Roquefort Salad

Roquefort salad
Roquefort salad

What a wonderful morning it was in Co. Meath ! Once a year, I lead a Birdwatch Ireland walk with a couple of friends to celebrate the “Dawn Chorus”, an outing starting at 4 am, welcoming the sunrise of what could be “our summer” ( every time we a get a couple of days of sunshine on a row in Ireland, that is what we call it), we listened to the first song birds while light pierces through the darkness of night, making it a fine communion with nature and history as our early Dominical procession made its way quietly, by the neighbouring  passage graves of Knowth and Newgrange, overlooking the Boyne river’s meanders.

Blue skies over Ireland

I have no problem getting up early, even at 2:30 am like this morning, but I know I am going to pay for it later, especially after a busy Saturday, the pinnacle of the week. I find trying to catch up on broken sleep a bit futile and frankly unpleasant, where early reality tangles up with dreams in an unsettling fashion. I do lie down though; back home at 7am, enjoying my own Dawn Chorus… This time I left the bay windows open, one eye closed, drool on the pillow, the other getting amused by a Red Tailed Bumblebee stuck on the wrong side of the glass. I know I should get up to help… But the arms of Morpheus are holding me firm under the covers… ( not the guy from the Matrix, rather the Goddess of sleep… Just saying!).

The Boyne River, by Newgrange this morning

A new friend by the window; feeling the worse for wear…


Red Tailed Bumblebee ( Bombus Lapidarius)

I managed to drag myself out of bed just before lunch. Hunger was starting to settle in. I checked in disbelief at the Irish weather forecast online; still blue, still sunny, and tomorrow too! I was craving for something fresh, like a salad. When it is pouring rain or cold, I find eating crudities very unsatisfying; but on a day like this? Come on! The good thing about Sunday, is that my fridge is always full to the brim. I found a piece of legendary Roquefort I had brought home on Thursday, as it was one of our monthly cheese selection; “surely, I can do something with that!”

The Legendary Roquefort from the South West of France

I also bought some French walnuts and some organic spelt berries from Dunany, just a little further North, In Co. Louth, from where we were this morning…  A staple cereal of our ancient Celtic ancestors we have in common.  I dry roasted them to sprinkle on the salad at the end… This recipe is writing itself!

French Whole Walnuts
French Whole Walnuts

Spelt; used by our ancestors 5000 bc…

Spelt berries, used since 5000 bc!
Spelt berries, used since 5000 BC!

But my star ingredient will have to be the purple potatoes that I got. I have seen them before but never did anything with them. I have eaten them as crisps once… I just wanted to use them boiled, as an upgraded version of a potato salad if you wish, but the seduction came from the contrast it would offer on the plate. It is rich in Anthocyanin too, that pigment found in a lot of fruits and vegetables, even flowers. Very rich in antioxidant, this is where I am going to leave science. It makes a cool contrast… End of!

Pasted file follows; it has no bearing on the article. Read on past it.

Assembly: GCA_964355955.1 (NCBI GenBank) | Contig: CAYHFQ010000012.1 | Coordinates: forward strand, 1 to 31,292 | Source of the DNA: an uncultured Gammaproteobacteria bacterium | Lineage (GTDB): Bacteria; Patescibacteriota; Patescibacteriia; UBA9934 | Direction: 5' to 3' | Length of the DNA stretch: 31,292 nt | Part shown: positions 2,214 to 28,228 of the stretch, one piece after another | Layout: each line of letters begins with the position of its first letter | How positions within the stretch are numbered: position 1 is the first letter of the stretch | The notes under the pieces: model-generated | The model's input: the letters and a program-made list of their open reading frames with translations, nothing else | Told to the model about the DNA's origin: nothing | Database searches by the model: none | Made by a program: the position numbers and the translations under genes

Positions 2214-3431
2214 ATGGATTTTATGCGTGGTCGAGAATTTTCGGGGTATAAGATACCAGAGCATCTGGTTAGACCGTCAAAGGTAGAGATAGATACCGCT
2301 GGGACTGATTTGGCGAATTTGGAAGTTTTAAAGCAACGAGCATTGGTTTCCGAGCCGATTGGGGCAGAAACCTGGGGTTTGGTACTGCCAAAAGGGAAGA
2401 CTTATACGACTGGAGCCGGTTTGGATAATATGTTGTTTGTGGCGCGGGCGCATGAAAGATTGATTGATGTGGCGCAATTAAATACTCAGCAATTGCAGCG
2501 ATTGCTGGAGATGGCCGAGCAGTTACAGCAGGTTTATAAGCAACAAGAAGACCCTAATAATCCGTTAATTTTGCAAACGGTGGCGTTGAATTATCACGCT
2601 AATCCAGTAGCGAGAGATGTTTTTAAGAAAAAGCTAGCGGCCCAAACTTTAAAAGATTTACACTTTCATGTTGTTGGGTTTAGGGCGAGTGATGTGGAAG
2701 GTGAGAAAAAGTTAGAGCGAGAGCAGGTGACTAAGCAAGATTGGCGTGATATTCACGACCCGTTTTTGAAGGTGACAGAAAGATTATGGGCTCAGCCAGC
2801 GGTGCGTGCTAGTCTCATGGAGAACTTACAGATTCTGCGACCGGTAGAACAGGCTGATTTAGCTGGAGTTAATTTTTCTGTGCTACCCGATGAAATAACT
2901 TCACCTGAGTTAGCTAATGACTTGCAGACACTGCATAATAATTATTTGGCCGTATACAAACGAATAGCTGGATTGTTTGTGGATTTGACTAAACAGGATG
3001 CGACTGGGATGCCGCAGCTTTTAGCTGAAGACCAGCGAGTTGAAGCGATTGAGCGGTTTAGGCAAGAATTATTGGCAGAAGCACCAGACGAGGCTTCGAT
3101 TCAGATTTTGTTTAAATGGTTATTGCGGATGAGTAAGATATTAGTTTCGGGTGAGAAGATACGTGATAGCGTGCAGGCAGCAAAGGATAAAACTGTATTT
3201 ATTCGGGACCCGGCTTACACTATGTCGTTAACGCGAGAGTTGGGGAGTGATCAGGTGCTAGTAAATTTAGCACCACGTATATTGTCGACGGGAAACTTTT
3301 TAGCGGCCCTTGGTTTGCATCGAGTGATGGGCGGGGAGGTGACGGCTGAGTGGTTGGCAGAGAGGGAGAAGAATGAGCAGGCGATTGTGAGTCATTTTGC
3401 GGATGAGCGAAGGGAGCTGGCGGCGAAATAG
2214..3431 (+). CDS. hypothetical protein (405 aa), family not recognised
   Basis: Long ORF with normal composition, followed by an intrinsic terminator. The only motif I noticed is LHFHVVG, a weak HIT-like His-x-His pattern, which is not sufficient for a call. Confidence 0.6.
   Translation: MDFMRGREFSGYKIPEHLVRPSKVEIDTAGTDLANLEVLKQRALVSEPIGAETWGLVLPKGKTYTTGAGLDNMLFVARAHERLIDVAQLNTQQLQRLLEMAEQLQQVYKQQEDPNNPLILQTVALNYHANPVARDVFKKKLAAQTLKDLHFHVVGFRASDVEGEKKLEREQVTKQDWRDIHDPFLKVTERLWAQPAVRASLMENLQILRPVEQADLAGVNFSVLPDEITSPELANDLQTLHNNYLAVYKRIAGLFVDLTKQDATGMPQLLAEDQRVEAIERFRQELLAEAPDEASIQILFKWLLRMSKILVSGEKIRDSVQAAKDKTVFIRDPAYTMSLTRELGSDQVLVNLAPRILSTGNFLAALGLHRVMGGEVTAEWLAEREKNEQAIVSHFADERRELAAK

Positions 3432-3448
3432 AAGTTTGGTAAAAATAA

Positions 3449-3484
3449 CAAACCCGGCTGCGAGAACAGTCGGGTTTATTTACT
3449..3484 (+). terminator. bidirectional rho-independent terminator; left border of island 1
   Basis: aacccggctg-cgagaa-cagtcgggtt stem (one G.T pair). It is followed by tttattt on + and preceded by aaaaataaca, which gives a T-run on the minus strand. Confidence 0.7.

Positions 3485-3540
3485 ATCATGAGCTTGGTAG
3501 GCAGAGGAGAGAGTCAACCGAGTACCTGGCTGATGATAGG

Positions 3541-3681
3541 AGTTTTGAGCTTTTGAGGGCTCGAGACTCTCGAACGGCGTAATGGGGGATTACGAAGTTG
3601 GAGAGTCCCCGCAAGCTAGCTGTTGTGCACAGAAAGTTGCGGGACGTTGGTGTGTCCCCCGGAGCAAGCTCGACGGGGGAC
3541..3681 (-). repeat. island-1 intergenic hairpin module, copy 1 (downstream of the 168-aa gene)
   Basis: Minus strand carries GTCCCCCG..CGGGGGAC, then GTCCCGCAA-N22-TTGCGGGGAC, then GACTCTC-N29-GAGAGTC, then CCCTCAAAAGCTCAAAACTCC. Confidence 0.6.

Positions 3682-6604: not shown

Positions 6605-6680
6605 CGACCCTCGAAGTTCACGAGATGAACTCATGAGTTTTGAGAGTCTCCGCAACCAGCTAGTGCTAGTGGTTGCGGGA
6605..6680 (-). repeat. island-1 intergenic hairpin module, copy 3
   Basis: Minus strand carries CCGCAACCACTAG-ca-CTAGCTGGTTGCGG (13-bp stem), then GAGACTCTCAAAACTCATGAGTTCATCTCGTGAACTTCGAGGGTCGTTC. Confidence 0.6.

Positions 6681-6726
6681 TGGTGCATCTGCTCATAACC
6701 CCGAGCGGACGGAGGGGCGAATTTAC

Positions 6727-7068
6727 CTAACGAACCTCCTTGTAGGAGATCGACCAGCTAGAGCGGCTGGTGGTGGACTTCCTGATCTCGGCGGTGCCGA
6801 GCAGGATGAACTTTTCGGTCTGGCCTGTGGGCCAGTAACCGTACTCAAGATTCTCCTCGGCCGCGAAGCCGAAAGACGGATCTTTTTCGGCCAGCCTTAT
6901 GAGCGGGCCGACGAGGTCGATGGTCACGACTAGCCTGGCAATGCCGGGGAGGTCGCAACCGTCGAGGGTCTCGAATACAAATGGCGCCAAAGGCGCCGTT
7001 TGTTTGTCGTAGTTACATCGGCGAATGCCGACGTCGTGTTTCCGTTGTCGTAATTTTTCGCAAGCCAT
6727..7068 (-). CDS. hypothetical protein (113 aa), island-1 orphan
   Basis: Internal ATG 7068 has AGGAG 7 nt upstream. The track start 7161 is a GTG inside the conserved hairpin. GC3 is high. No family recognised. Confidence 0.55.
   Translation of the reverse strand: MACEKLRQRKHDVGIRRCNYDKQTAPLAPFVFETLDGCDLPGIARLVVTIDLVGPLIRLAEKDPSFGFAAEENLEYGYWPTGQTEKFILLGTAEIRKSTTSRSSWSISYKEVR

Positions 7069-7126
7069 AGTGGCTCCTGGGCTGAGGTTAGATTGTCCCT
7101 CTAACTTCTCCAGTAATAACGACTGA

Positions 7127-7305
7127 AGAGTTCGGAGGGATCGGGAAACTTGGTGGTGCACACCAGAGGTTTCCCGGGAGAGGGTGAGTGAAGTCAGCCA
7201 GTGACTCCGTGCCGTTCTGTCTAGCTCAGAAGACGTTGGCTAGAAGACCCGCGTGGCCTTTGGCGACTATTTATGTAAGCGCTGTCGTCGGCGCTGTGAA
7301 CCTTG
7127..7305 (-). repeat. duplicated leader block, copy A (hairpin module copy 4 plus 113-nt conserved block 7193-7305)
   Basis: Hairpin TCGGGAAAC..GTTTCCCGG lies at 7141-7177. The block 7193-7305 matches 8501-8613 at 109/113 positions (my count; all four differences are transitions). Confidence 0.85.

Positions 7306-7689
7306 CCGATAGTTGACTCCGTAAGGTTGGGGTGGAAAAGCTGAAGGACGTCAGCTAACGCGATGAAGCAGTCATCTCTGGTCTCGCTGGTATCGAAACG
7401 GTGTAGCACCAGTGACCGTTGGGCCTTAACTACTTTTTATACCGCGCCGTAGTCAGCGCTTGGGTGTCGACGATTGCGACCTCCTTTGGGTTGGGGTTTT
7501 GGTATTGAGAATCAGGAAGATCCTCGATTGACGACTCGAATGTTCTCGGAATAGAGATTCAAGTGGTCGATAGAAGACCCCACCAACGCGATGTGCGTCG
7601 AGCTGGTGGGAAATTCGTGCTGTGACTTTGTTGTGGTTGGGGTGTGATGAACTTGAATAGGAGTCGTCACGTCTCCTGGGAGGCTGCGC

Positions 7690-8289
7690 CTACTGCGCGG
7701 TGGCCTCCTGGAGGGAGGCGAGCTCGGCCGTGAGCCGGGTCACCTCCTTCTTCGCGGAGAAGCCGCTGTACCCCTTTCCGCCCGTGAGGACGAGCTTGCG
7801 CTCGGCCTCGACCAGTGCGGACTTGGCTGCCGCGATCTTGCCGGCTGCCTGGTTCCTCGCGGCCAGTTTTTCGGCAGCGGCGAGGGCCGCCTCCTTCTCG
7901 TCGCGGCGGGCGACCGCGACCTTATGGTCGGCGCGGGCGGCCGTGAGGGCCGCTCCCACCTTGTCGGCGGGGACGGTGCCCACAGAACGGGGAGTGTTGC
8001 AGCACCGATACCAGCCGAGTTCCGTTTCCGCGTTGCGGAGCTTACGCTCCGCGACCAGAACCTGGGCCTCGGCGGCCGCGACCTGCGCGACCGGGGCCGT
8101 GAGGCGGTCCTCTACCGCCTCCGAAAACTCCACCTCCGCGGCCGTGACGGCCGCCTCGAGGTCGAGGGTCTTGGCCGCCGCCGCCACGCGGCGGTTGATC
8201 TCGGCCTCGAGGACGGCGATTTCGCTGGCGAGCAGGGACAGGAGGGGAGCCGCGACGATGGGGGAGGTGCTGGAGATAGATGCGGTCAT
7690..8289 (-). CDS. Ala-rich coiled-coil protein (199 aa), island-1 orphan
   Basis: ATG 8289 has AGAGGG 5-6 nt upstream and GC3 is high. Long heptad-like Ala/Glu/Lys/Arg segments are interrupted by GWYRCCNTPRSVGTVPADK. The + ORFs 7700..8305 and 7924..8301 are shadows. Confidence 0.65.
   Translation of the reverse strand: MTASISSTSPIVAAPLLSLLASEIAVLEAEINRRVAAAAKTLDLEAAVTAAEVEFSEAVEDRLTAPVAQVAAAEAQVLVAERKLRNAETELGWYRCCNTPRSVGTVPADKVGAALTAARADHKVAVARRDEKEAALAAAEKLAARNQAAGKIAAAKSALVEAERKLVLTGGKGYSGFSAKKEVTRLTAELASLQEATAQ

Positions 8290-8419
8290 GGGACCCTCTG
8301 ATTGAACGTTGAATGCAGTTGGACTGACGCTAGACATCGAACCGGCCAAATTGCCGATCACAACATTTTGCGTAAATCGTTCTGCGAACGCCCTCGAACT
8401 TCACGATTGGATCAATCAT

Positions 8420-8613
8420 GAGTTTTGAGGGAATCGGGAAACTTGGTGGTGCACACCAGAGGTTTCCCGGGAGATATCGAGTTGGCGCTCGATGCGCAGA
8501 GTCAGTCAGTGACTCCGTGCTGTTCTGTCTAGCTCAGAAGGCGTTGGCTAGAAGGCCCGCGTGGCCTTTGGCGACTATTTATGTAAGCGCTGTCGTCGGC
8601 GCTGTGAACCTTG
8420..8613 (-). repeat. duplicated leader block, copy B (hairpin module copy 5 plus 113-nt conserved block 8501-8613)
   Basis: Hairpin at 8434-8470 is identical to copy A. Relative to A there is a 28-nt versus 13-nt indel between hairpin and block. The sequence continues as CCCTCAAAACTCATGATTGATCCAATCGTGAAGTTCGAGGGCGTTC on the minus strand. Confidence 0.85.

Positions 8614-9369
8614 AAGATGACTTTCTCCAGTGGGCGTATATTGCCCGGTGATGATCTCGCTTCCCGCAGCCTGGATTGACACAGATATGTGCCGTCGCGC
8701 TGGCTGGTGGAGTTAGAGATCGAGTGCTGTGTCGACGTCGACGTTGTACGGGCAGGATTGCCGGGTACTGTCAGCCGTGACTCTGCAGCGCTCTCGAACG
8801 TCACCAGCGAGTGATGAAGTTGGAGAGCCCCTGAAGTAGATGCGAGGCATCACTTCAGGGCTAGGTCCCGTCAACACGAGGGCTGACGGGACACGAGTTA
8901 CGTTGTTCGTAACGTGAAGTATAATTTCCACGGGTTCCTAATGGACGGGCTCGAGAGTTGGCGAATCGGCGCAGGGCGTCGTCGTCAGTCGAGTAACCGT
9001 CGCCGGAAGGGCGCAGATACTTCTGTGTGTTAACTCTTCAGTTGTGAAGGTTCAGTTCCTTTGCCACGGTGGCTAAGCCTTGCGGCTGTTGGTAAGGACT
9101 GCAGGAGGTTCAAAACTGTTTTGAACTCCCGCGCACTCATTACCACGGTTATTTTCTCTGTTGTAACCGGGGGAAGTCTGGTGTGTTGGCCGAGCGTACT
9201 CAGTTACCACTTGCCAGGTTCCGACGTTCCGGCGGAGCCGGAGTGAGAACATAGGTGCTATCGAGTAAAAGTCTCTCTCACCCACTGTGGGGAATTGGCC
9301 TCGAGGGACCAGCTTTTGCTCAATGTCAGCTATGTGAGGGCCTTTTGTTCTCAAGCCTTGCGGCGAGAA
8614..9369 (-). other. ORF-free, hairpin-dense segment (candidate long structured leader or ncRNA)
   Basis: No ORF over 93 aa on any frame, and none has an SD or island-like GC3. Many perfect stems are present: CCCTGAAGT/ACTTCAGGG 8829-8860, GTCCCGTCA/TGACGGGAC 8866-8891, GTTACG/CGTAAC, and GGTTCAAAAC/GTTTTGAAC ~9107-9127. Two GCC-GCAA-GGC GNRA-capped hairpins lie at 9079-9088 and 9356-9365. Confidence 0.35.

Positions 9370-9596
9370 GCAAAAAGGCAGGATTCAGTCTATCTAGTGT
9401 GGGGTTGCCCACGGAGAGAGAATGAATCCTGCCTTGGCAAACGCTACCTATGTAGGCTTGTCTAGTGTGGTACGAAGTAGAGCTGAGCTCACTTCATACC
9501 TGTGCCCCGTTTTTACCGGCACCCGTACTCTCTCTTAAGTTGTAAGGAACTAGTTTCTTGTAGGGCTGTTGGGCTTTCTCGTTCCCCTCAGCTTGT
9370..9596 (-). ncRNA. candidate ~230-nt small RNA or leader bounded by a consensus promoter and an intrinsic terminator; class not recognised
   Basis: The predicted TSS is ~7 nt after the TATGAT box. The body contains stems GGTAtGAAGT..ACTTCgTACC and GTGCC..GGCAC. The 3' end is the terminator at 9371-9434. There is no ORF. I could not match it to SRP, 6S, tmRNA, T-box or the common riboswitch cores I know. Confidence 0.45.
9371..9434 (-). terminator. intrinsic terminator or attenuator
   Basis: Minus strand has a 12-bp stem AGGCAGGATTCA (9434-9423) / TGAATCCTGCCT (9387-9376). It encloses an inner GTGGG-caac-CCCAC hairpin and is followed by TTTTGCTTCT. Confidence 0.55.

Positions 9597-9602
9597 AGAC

Purple Potatoes
Purple Potatoes

I peeled and cut the potatoes in halves, and boiled them gently in salted water. There is no real time to give as advice, just stay around and don’t boil them to hard. Once the tip of a knife seem to go through firmly but without forcing it, drain and cool straight away. I also got a beautiful bunch of green asparagus, in season at the moment. I bring to the boil a pot of salted water ( salt will keep the green, remember that) and before you throw them in the boiling water, cut them in half; the bottom stalks can be a bit hard. It will take about five minutes. Before you cool them with a bit of water, throw in some ice cubes on top. Asparagus tend to take the taste of the water… An old trick!

Ice cool the asparagus
Ice cool the asparagus

For the base, I thinly chopped some fresh spinach. They are so tender at this time of year! Like I said earlier, I dry roast the spelt berries and the walnuts (about 5 or 6 that I have cracked previously). It will take no time, in a hot pan, with nothing else until it goes a bit brown. For the dressing, I do the old favourite recipe a Breton chef friend of mind gave me a long time ago; 3 tbsp olive oil, 1 tbsp Balsamic vinegar, 1 tbsp organic soya sauce and a tea spoon of honey…  For a bit of drama, I like to serve it in a wee colourful cup or jug… I am insane like that!

Dressing with style
Dressing with style

Ready to serve, with no fuss…

Frannckie's Roquefort Salad
Franckie’s Roquefort Salad


Red Tailed Bumblebee being fed...
Red Tailed Bumblebee being fed…

And just in case you were wondering… Yes, I did get up and fed my Red Tailed Bumblebee, with water and honey… They need all the help they can get those days!

Keep Well and Eat Happy

Slán Tamall



4 thoughts on “Roquefort Salad

  1. The whole ‘berries’ thing was throwing me a bit; I guess they’re seeds really. Not that it spoiled another great post, you understand! My misunderstanding.

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